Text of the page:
Many engineering applications, such as geological disposal of nuclear waste, require reliable predictions on the hydro-mechanical responses of porous media exposed to extreme environments. This presentation will discuss the relevant modeling techniques designed specific for porous media subjected to such harsh environments. In particular, we will provide an overview of (1) the variational eigen-deformation techniques used to model brittle fracture and compaction bands, (2) the usage of adaptive nonlocal multiscale techniques to link grain-scale simulations to macroscopic predictions and hence bypass the usage of any macroscopic phenomenological law, and the coupling of crystal plasticity and multi-phase-field model designed to replicate the thermal- and rate-dependent damage-plasticity of crystalline rock. Special emphasis is placed on how formation and propagation of flow barrier formed by array of compaction bands and the flow conduit formed by fractures interact and affected the macroscopic hydro-mechanical behavior of brittle porous media.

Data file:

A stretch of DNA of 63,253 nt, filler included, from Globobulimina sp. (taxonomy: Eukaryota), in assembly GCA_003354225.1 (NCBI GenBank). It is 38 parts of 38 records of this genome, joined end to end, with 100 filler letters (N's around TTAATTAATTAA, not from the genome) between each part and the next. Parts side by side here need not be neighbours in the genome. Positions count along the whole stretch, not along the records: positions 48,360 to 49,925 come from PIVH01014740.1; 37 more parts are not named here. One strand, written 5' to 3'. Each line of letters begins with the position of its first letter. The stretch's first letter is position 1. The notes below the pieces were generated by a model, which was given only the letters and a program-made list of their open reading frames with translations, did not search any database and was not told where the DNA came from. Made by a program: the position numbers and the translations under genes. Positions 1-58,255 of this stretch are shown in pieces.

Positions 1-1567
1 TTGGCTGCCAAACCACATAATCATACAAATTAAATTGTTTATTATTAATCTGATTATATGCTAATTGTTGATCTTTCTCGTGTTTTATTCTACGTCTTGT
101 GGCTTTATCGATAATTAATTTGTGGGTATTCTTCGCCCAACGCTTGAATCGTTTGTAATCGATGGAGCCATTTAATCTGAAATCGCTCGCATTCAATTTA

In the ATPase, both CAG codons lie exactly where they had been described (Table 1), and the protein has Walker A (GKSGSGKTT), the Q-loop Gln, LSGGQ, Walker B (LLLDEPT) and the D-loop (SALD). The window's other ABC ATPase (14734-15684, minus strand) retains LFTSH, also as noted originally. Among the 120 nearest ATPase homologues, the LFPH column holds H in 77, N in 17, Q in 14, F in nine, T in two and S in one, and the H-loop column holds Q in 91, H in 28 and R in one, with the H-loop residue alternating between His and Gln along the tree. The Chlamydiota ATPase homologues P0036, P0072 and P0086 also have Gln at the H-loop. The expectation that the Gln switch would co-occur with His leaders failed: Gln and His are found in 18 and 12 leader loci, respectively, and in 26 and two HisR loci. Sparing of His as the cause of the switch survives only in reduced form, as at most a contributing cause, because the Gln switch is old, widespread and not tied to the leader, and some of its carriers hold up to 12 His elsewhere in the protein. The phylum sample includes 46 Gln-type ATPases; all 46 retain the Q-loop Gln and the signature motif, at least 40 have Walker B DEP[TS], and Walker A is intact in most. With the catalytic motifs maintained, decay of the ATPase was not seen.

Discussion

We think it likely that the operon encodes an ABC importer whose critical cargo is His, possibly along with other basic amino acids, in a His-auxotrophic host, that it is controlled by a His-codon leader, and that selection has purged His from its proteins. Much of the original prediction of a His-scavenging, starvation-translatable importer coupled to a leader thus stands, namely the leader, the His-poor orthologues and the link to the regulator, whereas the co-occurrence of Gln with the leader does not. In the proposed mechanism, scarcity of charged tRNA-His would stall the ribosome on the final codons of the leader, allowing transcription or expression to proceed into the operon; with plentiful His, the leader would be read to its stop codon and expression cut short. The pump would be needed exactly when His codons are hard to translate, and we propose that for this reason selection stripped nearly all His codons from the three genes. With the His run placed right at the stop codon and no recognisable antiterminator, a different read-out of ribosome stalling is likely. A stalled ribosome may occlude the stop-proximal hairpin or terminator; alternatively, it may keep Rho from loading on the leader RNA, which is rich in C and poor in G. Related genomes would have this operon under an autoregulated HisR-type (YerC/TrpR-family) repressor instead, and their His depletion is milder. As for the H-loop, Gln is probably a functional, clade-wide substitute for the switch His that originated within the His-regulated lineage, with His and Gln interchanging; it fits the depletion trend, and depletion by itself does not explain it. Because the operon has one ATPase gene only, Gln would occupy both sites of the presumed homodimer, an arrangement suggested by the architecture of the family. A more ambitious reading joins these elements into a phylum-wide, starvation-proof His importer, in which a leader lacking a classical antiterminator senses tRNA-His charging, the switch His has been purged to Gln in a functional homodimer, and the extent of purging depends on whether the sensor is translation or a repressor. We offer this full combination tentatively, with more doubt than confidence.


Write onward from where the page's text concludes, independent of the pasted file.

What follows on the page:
(hosted by Prof. Robert Zimmerman)